After a flurry of patches, adjusting the unit odds, tweaking Alliance bonuses, adding in new Contraption items, and the Ace unit effects, the meta has been jumbled up a bit. In this guide, we will cover the best builds that top Lord of Whitespire players are using in this meta to climb the ladder and dominate their games.
There are some notable builds that did not make the list. The previously popular Brawny build is still viable, although it took a major hit when Distruptor, the key 4th Brawny unit, was moved to 5-cost. That made it much less consistent to complete the Brawny Alliance, especially when they prefer to reroll a lot at level 7 rather than 8 or 9. An early 2-star Beastmaster or Juggernaut can still make Brawny builds work, but they are not nearly as dominant as before.
Elusives are also absent from the list. The change to their Alliance in the Contraptions patch removed the 9 Elusive tier, which was a big part of their strength. While they were buffed at the lower levels, it does not make up for the loss of their late game power. They are almost never seen in high ranking Lord games.
Now, on to the best builds you should be playing in Dota Underlords right now!
- Core of 1 and 2 cost units makes it easy to start building right away
- High initial burst and sustained damage output
- Scales well into the late game, with Enigma and Lich Ace effects
- Reliant on Summoning Stone to reach maximum potential
- Weak to AOE since it uses so many summons
- Few defensive abilities or Alliances
Primordials are still at the top of the meta, although the optimal build has evolved slightly over the past few patches. The build combines the magic burst damage from Queen of Pain and Morphling with the Mage Alliance to quickly burst the opposing lineup down. Those that survive the burst still have to content with consistent damage output from Arc Warden, his copy, Viper, and the summoned Eidolons.
It is a strong build at all points in the game. An early ★★ Morphling or Queen of Pain can get you on a nice win streak. Completing all of the main Alliances, Primordial/Assassin/Mage, in the midgame is another strong point. By the time you make it to late game, picking up the Ace effects from Lich and Enigma are great options, as are upgrading Viper, Morphling, and Queen of Pain to 3-stars.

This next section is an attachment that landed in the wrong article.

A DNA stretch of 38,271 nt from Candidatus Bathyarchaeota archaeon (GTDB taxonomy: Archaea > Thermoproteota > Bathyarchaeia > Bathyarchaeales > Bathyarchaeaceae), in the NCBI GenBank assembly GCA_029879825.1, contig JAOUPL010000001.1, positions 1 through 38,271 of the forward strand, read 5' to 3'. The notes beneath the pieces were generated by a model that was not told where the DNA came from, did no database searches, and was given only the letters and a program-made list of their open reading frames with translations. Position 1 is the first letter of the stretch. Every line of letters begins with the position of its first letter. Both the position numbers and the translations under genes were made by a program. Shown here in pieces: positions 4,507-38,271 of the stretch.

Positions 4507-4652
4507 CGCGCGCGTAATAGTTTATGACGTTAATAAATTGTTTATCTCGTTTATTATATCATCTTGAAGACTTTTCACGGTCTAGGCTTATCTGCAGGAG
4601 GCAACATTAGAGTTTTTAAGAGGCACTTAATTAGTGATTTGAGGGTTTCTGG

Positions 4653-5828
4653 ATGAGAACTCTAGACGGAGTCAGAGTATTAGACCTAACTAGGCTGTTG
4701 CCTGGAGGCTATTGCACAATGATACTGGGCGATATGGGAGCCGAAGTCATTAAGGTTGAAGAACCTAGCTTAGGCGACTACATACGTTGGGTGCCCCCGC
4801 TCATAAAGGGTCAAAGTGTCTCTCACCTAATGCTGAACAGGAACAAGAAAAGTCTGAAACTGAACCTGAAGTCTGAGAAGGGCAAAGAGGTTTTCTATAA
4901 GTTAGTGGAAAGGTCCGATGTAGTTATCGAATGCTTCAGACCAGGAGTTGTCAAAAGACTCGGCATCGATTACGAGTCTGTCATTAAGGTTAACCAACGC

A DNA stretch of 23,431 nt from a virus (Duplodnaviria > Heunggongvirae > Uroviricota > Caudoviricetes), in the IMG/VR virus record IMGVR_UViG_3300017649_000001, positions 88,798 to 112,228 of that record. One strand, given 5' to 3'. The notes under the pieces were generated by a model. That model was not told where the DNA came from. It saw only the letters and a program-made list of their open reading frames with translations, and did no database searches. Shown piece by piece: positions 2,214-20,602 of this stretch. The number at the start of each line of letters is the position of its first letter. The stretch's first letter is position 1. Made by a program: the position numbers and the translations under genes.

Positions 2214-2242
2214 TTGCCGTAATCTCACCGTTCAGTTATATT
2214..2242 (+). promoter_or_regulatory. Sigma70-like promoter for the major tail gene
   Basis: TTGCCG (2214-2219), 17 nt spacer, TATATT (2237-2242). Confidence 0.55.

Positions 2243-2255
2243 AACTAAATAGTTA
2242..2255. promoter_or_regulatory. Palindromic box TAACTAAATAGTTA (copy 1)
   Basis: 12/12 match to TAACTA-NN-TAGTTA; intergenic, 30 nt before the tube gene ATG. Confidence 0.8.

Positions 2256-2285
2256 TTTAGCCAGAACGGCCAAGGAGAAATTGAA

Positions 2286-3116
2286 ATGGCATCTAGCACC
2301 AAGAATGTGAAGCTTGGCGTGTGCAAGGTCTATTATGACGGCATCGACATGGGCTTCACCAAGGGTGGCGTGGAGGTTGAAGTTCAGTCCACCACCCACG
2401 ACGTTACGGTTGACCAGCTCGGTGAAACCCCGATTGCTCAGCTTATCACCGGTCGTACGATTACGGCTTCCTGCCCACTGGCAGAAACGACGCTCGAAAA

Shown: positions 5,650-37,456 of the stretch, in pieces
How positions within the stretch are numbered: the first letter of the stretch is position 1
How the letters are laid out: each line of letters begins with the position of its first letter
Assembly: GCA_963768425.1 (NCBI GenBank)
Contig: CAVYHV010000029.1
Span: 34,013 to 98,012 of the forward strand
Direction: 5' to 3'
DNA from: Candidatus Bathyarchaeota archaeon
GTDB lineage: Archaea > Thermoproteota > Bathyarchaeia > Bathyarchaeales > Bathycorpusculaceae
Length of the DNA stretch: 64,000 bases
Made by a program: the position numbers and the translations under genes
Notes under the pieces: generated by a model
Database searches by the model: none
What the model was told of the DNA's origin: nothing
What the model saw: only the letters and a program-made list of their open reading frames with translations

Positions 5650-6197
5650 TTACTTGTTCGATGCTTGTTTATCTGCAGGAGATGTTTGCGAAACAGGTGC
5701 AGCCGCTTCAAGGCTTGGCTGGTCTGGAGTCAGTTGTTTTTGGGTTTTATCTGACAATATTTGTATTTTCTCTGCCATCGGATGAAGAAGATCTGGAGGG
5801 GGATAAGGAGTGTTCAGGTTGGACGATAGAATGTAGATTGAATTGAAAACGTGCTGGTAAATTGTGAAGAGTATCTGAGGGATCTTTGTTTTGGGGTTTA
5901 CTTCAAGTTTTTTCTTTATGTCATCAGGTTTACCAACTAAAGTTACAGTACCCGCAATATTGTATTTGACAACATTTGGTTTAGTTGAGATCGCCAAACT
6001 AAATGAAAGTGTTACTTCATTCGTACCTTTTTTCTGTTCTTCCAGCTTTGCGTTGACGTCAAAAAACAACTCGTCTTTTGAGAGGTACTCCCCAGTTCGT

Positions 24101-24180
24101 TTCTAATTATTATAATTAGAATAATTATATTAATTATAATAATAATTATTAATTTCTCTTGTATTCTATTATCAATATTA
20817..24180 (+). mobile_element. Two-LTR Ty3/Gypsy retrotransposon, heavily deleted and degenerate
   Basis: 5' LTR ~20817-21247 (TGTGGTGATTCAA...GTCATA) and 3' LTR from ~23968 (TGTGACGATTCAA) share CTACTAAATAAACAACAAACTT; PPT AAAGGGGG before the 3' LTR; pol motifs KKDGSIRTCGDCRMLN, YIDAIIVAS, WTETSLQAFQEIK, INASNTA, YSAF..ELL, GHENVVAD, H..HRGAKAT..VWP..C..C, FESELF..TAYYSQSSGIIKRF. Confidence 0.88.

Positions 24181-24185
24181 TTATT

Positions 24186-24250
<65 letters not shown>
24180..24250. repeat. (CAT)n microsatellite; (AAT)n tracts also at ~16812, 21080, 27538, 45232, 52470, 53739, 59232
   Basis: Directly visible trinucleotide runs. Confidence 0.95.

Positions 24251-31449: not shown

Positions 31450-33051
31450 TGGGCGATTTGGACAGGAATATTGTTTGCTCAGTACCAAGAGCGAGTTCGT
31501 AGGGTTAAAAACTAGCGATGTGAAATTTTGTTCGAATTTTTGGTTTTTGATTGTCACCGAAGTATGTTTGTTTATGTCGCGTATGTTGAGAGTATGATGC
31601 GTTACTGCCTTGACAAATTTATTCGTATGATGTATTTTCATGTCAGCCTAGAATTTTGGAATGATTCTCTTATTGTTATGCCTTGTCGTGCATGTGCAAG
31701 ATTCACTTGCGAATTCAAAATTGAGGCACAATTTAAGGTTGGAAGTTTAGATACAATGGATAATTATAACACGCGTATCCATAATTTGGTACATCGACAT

The main downside of this build is that it needs Summoning Stone to reach its full potential. Summoning Stone buffs Arc Warden copies, Eidolon summons, and even the Zombies from the new, very powerful Contraption, Tombstone. It is still playable without Summoning Stone, but you need to highly prioritize one if you are playing this build.
4-Cost good stuff
- Does not require many ★★★ units to be effective
- Can be transitioned into later in the game
- Very flexible and diverse
- Getting 4-cost units to ★★★ is hard, limiting late game scaling
- Weak until several key 4-cost units are upgraded to ★★
This build is very diverse, and as the name implies, it is essentially a group of really strong individual units, most of them 4-cost. It is made viable by the recent increase of the amount and drop chance of 4-cost units.
Of the 4-cost units, three of them are Warriors — Doom, Kunkka, and Tidehunter — and another 2 are Warlocks: Necrophos and Alchemist. This makes a natural pairing and this build will use most if not all of them. The remainder of the build is filled out by completing relevant Alliances, such as the Heartless by using Pudge, or perhaps Scaled via Slardar, Slark, or Medusa.
The entire build is very flexible, and the correct choices depend heavily on what you have available, and what your opponents are taking. The items are also flexible, although the ones that enable additional casts, like Refresher Orb and Bracers of Desperation are great on Tidehunter and Kunkka, while damage items like Daedalus or Big-Time Contract with a sacrifice unit are great if you go for Arc Warden.